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Where to Go for Shaw? To Canada, of Course

At Niagara-on-the-Lake, audiences soak up comedy and drama by the Irish playwright and his contemporaries

By April AustinStaff writer of The Christian Science Monitor / August 17, 1992


THE main street runs straight as a musket shot through green parks, past neatly kept shops, a tidy churchyard, and the stately Prince of Wales Hotel. This town is a place of convergences: At this point the Niagara River joins Lake Ontario, and theater merges with summer tourism and the lazy pursuit of indolence.

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The Shaw Festival basks in its picturesque location, and the town relies on the wit and high comedy of Shaw to bring in visitors by the busload. It is a pleasant arrangement between art and commerce that would surely have aroused the ire of the dramatist.

George Bernard Shaw, the bearded patriarch of modern drama, cast a shadow from 1856 to 1950 - an extraordinary span of human history. Those 94 years included the American Civil War, the end of Queen Victoria's reign, two world wars, and the growth of socialism and communism. The Irish-born Shaw made himself into a writer, lecturer, reviewer, polemicist, and reformer, and merged all these professions into his career as a playwright. He wrote dozens of plays, with "Saint Joan" and "Pygmalion" being rated a mong his best.

Shaw was an unabashed socialist (he was a friend of Karl Marx's youngest daughter, Eleanor, an actress), but fortunately for his audiences, Shaw had a sharp wit and an eloquent way with the language. His plays are soapboxes, and yet they are funny, apt, and convincing.

The idea for the Shaw Festival germinated in 1962, when a local lawyer named Brian Doherty turned the assembly rooms of the town's courthouse into a makeshift theater and staged Shaw's "Don Juan in Hell" and "Candida." Today, the festival produces not only Shaw's work but also plays by his contemporaries. As all summer festivals must, the organizers of the festival take carefully into account the mood of theatergoers. For each substantial play there is a foil in a lighter comic vein: "Charley's Aunt," an

1892 farce by Brandon Thomas, balances out the darker and heavier "Drums in the Night," written in 1922 by Bertolt Brecht.

The Shaw Festival production of Pygmalion, which most people know better as the foundation for the musical "My Fair Lady," is Shaw at his pungent best. Forget for a moment the romantic Cinderella tale of the Lerner and Loewe musical. Shaw chose his story about the remaking of the Cockney flower girl Eliza into a "duchess" to make a point about the experiments then going on to remake society.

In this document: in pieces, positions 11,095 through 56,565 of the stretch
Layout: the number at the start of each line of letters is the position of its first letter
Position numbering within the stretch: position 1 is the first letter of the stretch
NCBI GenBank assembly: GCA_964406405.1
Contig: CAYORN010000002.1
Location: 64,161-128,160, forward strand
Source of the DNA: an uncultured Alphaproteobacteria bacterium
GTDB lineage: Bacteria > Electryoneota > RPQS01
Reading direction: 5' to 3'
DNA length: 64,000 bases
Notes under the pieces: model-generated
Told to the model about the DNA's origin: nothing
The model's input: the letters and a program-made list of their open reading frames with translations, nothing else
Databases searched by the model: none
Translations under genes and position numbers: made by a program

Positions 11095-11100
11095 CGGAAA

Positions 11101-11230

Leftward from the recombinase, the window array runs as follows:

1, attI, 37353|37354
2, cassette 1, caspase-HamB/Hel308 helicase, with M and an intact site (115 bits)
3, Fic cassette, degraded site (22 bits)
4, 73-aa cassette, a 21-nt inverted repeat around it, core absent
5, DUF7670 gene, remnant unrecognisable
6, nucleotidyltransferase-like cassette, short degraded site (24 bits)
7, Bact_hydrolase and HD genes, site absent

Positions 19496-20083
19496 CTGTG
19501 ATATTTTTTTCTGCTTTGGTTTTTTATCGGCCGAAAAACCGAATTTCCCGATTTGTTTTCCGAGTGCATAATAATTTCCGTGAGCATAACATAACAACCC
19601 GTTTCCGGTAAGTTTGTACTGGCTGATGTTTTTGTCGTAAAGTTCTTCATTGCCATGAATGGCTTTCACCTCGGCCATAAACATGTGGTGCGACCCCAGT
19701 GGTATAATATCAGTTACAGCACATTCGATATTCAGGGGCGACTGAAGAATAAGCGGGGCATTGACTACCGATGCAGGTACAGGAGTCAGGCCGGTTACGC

Shaw was adamant that people who conducted social experiments had no right to trample their subjects' individuality to achieve some theoretical improvement in the larger society. The director of this "Pygmalion," Christopher Newton, encourages the audience to see the harm Professor Higgins causes in meddling with Eliza's life. Higgins may teach her how to speak the King's English, Newton seems to be saying, but the professor could learn a thing or two from Eliza about love and tolerance.

Seana McKenna and, to a lesser extent, Andrew Gillies, spar and sputter convincingly as Eliza and Higgins. Ms. McKenna carries off with great humor and skill the scene in which Higgins introduces her to his mother and her friends. McKenna's Eliza talks in an excruciatingly correct, uppercrust manner, but she scandalizes the polite gathering by telling of a gin-swilling aunt.

Mr. Gillies is a younger and more vigorous Higgins than Rex Harrison in the film version of "My Fair Lady" and he has none of the awkward old-school gallantry toward women that often disguises misogyny. Gillies is appropriately disheveled and distracted, but he is also appealing in his honest dislike of polite society. The only unfortunate part of Gillies's portrayal is his persistent aloofness and detachment from McKenna's Eliza. The attraction between them is only slightly present: The actors use Shaw' s fusillade of words to keep each other at arms' length, robbing the play of its final poignancy.

IT is hard to keep from feeling a 1990s sense of the injustice done to Eliza by the patronizing treatment of her two male tutors. Higgins congratulates himself and his accomplice, Colonel Pickering (Michael Ball), on converting the "gutter snipe" into duchess material, but neither man can appreciate or even fathom Eliza's growing sense of her own self-worth and her capabilities. Fortunately, director Newton never makes Eliza helpless or an object of pity. At the end of the play, when she exults that she can support herself by teaching Higgins's method of phonetics, it is a boast of empowerment.